Despite its young age, The Norman Tel Aviv, a five-star hotel in the heart of Tel Aviv, has already made its mark as one of the city’s Grand Dames.
It all sits inside two listed buildings, expertly restored and joined together by a buzzy, well-heeled citrus garden and flashy terrace. There’s a whiff of the Provençal, of the art-nouveau and of grand old Hollywood (no surprise seeing that the owner’s late father was filmmaker Norman Lourie).
Think of it as a touching familial, stylish nod to him and all his theatrics: rooms filled with melodic sculptures; walls full of contemporary Israeli art and the odd bit of movie memorabilia.
Elsewhere, there’s a giddy spa with private wellness terrace, and the Instagram “moment” comes courtesy of the umbrella-flecked rooftop pool (city panoramas included).
The hotel is perched in the center of all the action, too. The electric buzz of Rothschild Boulevard is two blocks away. Continue 15 minutes down the road and you’ll hit the trendy, somewhat kitsch and super shoppable Neve Tzedek neighborhood. Jaffa? A short taxi ride away, along with some of the city’s best beaches.
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The digs are chic and elegant. There’s nothing remotely showy or overtly in your face. Instead, the rooms and suites offer up a dose of mid-century suave set to the tune of a non-offensive pastel-colored palette.
In terms of size, some can be a squeeze, but there’s a Disney charm to this cocoon-festooned style luxe that makes you feel extra snug between the sheets. Speaking of, the uber comfortable bed is a triumph, as are the plush pillows and Frette linens.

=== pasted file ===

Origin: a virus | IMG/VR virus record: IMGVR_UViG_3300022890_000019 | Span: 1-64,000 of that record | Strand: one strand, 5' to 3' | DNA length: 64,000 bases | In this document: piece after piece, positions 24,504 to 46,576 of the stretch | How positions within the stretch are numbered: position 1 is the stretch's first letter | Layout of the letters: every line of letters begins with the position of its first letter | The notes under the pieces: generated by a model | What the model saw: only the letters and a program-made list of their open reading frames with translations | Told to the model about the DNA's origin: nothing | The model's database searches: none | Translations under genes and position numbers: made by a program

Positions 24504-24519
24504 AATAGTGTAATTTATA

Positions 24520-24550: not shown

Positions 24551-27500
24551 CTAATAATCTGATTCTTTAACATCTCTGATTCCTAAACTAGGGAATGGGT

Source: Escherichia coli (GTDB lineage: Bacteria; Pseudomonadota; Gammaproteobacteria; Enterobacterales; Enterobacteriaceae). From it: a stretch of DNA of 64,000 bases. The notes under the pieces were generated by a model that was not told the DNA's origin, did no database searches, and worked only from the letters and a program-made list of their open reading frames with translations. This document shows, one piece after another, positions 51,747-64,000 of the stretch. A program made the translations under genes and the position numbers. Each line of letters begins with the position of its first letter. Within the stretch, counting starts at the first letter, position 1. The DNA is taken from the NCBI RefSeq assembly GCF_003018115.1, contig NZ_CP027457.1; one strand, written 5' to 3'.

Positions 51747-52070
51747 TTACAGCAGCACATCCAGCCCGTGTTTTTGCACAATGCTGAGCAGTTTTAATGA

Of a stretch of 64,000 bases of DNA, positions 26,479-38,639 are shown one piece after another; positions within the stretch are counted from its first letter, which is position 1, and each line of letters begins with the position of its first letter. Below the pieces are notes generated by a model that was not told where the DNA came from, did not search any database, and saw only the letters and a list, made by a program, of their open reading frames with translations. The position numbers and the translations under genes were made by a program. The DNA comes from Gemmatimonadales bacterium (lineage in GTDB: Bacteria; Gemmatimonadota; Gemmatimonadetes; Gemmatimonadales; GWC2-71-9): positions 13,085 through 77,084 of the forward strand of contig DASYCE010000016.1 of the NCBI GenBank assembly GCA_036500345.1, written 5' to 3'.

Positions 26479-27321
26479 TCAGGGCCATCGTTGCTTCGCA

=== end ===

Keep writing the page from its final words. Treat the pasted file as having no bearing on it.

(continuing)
Bathroom? Ours was small and made getting ready somewhat of a chore in a tight space, but the faultless lighting (especially the back-lit mirror) made up for it. All come with bespoke Norman toiletries, rain showers and if you are in a suite, free-standing bathtubs.
All the grub action currently takes place on the ground floor in the very intimate, date night-ready Alena. Menus are overseen by chef Omer Shadmi Muller and Daniel Zur whose interpretations of Galilean/Mediterranean fare please the tastebuds.
There is a lot on offer, but we gorged on all the pasta (anything with a red sauce is just lush as is the classic cacio e pepe), a plate of calamari and shrimps, plus, if your belly can handle it, some rather fine Gillardeau oysters.
Booze? Down it all in the vintage Library Bar, one of the city’s most glam and coveted cocktail hangouts. Aperitifs come with complimentary snacks during the week, and there’s the odd dash of music to set the mood. There’s also London export Dinings up on the top floor, but it was closed during our visit. Expect Instagram-approved Japanese nosh with a kick.
Hit up Jaffa for a dose of culture. The flea market is your one stop shop for local nick-nacks, from old movie cameras to vintage furniture galore.
Elsewhere, the steps leading down to St Peter’s Church provide plenty of photo opportunities, and Neve Tzedek (a sort of nearby village within the city) is a great place to snare out fashion and art steals from all the glitzy boutiques often featured in the world’s big fash mags.
Must eats? Abu Hassan for hummus; HaKosem for falafel; and Levinsky Burekas for burekas (a salty pastry made of thin, flaky dough filled with cheese).
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